The French Quarter is a well-known section of downtown Charleston, characterized by its cobblestone streets, lovely alleys and gardens, unique historic homes, and old world charm. It is considered to be bounded by the Cooper River on the East, Broad Street on the South, Meeting Street on the West, and Market Street on the North. The French Quarter acquired its name due to the high concentration of French Huguenots and merchants living in the area. It is located within the area that composed of the original colonial walled city. You can admire the oldest surviving structure in Charleston, the Powder Magazine Museum, on Cumberland Street.
The French Quarter lacks no charm with its eclectic urban mix of fabulously renovated warehouses, pre-Revolutionary buildings, and residential homes. The residents live among art galleries, world-class restaurants, churches, and historic performing art centers. The famous Dock Street Theatre is located here, and is arguably the first site of theatrical productions in the United States. Just down the street is the French Huguenot Church, which boasts exquisite gothic style architecture and is not to be missed. An active community of Huguenots fill the church weekly to worship in this building, which is the only French Huguenot Church in the nation.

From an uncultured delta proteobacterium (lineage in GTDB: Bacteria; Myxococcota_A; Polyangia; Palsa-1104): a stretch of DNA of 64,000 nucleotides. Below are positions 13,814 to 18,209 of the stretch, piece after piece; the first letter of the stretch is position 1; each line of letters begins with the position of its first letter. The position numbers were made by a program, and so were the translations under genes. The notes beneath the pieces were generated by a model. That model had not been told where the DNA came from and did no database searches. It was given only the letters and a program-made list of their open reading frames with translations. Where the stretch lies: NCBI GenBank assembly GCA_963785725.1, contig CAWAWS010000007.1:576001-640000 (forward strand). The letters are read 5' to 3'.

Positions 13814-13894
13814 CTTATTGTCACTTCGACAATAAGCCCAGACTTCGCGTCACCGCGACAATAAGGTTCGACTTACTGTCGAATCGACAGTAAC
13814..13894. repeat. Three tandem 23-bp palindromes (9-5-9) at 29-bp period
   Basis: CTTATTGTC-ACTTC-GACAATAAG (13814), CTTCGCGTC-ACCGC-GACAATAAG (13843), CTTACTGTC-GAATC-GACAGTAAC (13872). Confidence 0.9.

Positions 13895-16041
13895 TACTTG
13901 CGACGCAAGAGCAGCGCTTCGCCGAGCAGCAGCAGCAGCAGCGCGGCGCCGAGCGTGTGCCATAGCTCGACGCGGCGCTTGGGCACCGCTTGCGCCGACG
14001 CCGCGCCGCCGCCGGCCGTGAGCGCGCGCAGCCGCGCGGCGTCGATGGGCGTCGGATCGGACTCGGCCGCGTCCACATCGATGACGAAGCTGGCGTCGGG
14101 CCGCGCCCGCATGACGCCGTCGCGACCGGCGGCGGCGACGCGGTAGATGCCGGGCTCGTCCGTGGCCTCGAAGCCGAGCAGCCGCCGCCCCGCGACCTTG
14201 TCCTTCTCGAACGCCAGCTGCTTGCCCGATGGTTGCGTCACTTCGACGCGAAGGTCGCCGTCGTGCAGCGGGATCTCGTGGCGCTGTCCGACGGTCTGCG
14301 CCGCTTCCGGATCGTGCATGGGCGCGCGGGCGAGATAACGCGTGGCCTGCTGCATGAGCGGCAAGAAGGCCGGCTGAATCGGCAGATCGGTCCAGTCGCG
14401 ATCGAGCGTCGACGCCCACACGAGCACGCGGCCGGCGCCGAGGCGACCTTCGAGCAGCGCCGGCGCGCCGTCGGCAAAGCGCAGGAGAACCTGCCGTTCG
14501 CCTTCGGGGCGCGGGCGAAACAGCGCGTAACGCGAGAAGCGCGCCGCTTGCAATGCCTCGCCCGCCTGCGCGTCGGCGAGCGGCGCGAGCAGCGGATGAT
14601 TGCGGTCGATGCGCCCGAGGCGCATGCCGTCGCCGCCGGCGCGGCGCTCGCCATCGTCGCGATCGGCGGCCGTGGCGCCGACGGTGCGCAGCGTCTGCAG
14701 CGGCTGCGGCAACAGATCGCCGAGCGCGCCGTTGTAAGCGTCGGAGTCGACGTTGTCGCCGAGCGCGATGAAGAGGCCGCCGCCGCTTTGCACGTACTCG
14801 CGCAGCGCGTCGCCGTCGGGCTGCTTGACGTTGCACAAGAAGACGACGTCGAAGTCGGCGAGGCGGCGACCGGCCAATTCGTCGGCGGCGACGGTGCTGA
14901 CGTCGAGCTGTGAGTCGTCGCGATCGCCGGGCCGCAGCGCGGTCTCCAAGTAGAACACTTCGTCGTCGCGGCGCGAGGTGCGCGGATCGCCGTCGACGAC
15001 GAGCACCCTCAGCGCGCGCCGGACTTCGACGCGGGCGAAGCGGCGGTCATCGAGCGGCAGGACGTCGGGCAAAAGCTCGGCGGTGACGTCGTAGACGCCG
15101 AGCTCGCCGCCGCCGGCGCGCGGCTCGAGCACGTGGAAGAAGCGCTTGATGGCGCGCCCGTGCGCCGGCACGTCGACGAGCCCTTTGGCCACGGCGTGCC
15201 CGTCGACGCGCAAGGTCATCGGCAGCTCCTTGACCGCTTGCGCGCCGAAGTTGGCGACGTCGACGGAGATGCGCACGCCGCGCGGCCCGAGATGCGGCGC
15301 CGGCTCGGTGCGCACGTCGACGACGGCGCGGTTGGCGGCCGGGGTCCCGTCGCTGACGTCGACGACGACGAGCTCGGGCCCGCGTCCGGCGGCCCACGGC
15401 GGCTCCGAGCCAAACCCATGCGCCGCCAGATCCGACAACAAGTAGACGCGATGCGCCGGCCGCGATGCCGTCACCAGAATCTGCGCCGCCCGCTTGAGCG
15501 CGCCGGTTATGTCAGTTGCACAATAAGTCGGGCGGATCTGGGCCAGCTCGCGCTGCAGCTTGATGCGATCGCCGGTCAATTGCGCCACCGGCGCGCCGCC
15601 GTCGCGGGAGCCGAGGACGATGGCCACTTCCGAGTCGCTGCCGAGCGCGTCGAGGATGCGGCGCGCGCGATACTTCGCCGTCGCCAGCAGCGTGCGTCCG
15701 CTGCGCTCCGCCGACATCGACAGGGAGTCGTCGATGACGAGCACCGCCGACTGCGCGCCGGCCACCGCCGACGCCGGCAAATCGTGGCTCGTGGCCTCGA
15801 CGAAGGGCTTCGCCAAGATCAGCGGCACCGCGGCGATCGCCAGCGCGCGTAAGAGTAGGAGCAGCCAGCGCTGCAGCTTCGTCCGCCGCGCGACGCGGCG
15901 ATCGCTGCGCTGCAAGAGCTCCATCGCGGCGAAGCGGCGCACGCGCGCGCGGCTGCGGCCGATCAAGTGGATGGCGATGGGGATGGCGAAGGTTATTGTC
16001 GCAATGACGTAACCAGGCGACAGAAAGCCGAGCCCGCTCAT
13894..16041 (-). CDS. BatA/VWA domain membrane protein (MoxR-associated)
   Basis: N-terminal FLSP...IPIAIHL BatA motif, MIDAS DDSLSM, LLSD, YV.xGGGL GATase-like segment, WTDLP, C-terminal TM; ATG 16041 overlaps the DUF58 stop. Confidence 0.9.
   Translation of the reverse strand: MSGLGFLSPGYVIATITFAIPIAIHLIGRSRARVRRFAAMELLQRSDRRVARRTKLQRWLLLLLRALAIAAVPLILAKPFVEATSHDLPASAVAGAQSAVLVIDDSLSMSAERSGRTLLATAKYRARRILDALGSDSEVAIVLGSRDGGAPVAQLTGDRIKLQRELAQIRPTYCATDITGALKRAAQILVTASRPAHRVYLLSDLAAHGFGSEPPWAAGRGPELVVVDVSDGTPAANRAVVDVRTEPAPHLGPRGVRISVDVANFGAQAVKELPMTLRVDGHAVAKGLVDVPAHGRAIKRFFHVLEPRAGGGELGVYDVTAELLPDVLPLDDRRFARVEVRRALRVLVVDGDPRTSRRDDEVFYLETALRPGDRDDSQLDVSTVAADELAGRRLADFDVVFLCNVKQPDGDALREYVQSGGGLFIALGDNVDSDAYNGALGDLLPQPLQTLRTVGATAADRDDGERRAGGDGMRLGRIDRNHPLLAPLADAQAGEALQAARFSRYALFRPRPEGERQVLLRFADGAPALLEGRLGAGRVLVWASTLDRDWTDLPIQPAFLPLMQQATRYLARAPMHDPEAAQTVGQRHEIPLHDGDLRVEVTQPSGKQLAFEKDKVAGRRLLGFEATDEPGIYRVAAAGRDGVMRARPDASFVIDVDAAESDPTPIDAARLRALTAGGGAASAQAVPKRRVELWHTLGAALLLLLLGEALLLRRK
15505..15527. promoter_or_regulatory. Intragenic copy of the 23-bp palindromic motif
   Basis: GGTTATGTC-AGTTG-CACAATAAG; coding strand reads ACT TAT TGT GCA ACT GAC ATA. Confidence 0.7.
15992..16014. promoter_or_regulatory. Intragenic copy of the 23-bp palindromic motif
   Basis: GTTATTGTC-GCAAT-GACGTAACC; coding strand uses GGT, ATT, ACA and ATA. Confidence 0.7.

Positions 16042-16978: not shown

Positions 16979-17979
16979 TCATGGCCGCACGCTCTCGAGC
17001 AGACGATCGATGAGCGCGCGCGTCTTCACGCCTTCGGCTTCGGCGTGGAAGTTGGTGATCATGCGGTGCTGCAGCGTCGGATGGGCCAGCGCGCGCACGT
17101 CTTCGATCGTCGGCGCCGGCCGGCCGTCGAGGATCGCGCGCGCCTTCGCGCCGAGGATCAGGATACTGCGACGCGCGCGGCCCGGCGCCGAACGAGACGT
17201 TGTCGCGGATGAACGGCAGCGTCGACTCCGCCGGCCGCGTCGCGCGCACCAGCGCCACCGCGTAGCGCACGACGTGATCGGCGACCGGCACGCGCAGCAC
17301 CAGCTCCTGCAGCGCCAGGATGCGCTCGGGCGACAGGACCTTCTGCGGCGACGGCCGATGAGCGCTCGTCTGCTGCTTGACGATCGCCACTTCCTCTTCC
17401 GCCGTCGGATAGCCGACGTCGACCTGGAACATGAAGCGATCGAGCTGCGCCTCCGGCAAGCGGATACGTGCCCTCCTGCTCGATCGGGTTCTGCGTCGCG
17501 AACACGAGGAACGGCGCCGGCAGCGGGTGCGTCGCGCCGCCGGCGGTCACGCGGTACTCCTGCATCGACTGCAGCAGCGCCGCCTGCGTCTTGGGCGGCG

This desirable district of Charleston is culturally thriving and always offering activities. The Spoleto Festival USA, a comprehensive seventeen-day art festival held in the spring, has strong influence on the French Quarter due to the high concentration of art galleries and performance venues. Most notable is the Dock Street Theatre, but the Footlight Players also call the French Quarter home with their warehouse turned theatre on Queen Street. Visitors and residents alike often participate in evening art walks to participate in the local art scene and admire the beautiful architecture and historic cobblestone streets.